February 15, 2017

Do You Know Your Neighbors’ Names? 


It took me awhile to figure out why I enjoy chanting an Om mantra in yoga class.

I like feeling the united vibration from everyone in the room.

We need others for their perspective and input, their teachings, ideas, and companionship. You’ve probably heard the stories of the premature twins that were not doing well, but once put together in the same incubator, against standard protocol, their health rapidly improved and they thrived.

We’ve all seen society come together after a natural disaster.

I crave that connection (hopefully without the disaster).

We’ve all had nightmarish neighbors or maybe we’ve even had brief stints playing that role ourselves. The fast food wrappers haphazardly thrown in our yards. The overzealous neighbor that gives you a fertility statue and invites you to their church within the first 30 seconds of meeting.

Maybe we’ve come home laughing loudly with friends, waking up others close by. Maybe we’ve had to pound on ceilings and invest in ear plugs. Maybe our boots have seemingly honed-in on that pile of dog poop that wasn’t picked up (now that’s a sh*tty neighbor). I couldn’t tell you any of their names (well, maybe their dogs’ names).

If we’re lucky, we’ve caught glimpses of community, people helping each other along the way. Neighbors doing yard work for the person next door not capable of pushing a lawnmower. Coaches taking players to visit colleges. Friends calling to check on each other. Neighborhood kids asking if we need help on moving day. Being rescued by a woman in a minivan when being circled like prey by a vicious dog.

How do we create a stronger sense of community? I’m an outgoing introvert and am perfectly content recharging inside my house solo. I’ve found the following tips help get me out there and learn about my cul-de-sac community:

1. Initiate contact.

Rally the neighborhood to do a group volunteer activity like a trail clean up. Start a book club, host a game night, coordinate a Nerf gun battle complete with war paint and barrel-rolls down hills, or plan a potluck dinner. Challenge everyone to an excessive Christmas decorating contest.

If that’s a little aggressive, at least let’s nervously knock on our neighbors’ doors with sweaty palms and laugh just a little too heartily and find out their names. Let’s assume they also want cool neighbors to throw Halloween parties with, where they use their baby monitors instead of hiring sitters because they are so close to home.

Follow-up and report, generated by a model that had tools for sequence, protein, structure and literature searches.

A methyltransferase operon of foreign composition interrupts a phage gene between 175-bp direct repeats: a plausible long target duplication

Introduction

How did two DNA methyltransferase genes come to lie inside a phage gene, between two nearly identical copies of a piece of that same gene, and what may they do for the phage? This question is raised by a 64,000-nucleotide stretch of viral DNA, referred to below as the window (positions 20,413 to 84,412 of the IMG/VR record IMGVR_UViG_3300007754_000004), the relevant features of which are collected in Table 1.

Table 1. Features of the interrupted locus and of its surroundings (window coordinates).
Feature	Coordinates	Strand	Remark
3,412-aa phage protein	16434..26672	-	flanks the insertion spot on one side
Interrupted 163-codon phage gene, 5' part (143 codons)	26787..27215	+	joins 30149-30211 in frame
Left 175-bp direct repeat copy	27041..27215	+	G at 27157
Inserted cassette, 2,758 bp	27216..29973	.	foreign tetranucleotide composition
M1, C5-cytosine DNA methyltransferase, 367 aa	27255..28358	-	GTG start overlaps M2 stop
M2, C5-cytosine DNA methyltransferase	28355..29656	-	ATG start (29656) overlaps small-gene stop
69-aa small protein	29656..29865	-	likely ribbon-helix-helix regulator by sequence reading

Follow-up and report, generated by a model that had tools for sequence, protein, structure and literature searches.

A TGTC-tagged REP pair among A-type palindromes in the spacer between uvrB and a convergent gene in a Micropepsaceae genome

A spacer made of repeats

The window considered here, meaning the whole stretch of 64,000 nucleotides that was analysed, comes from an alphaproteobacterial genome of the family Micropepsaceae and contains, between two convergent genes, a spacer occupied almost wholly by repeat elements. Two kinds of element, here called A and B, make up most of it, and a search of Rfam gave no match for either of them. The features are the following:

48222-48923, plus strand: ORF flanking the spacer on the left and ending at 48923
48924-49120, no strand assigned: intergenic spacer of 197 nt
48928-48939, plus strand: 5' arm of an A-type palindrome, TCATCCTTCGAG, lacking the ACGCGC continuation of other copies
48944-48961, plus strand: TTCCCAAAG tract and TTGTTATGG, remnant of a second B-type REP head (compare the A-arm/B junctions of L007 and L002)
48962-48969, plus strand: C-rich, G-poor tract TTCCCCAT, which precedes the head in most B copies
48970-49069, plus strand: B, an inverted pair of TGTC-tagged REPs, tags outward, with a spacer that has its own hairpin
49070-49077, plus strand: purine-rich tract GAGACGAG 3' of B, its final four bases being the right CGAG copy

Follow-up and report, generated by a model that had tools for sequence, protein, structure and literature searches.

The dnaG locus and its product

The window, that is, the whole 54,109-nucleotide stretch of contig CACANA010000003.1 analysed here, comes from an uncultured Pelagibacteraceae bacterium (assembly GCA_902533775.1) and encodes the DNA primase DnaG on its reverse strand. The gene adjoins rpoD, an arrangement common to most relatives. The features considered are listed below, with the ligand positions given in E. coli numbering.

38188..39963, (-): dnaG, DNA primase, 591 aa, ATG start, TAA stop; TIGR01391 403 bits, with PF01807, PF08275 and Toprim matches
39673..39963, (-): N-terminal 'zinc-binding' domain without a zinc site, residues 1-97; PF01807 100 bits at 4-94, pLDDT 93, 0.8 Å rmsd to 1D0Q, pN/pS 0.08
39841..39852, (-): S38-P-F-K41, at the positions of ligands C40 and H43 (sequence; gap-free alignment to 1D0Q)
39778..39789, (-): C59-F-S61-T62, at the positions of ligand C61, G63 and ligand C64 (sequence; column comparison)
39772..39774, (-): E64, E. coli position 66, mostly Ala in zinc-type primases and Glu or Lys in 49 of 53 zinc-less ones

When someone new moves into the neighborhood, let’s kick it old school and bring them a casserole in a glass dish along with their Nerf gun for the next battle. Time to dust off that crockpot!

2. Slow down. 

When is the last time we’ve sat around to catch up with friends or family and were truly present? No cell phones on the tables. Not formulating responses while people are talking or cutting someone off mid-sentence to jump in with our own brilliant response. Instead, we could ask an open-ended, follow-up question to show our support, encouragement, and interest.

Let’s be content and happy to be there, really there, with our comrades. Isn’t that why we came?

A cursory wave as neighbors drive by isn’t good enough.

I want that sense of community and belonging, the peace of mind in knowing that we will all band together and share our skills and means when one of us is in need.

And I don’t want to step in dog poop anymore.




Author: Amber Kay Miller

Image: Flickr/ctj71081

Editor: Travis May

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Bethany Bell Feb 21, 2017 10:22am

Great thoughts, Amber. I think we're all guilty of the "Crap, there's my neighbor. Get INSIDE NOW." thought. What's ironic, is our innate need to connect with people -- so why do we run? Thanks for heightening my awareness.

Coralie Cel Melling Feb 18, 2017 3:32am

I stopped one day to tell my neighbour how much I admired her garden. We ended up chatting for over a half hour and now we swap plant cuttings and veggies. I'm big on the idea of simply saying hello to the people around me, sometimes a converstion will evolve other times it's a simple hello in return. I also mow the nature strips of my two neighbours. I don't want anything from them, I just like being this way, and I know their names.

Krista Kathleen Feb 17, 2017 11:53am

Thank you Amber for writing this article. It's such a simple concept to become friends with our neighbors but one that is rarely used in the United States. I will remember to make more of an effort with this.

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Amber Kay Miller

Amber Kay Miller is a yoga teacher trainee, integrative wellness and life coaching certification pursuer, newfound owner of a pet sitting business and blogger with a solid Plan B of being a Maid of the Mist tour guide at Niagara Falls. Battling her old foe, chronic migraines, she developed a passion for sharing knowledge of wellness and helping others take steps to live the lives they imagine. Amber has an infectious laugh and loves to let her inner child come out to play at costume contests, aerial yoga, and game nights. When she isn’t in the yoga studio or chopping vegetables, you can find her outdoors walking a dog or two, hiking, paddle boarding, curled up in a hammock with a good book, or floating in the lake. She is pro-naps and has been known to pack newspapers and plastic in her suitcase to take home to recycle. Connect with Amber through her website, via Facebook and Instagram.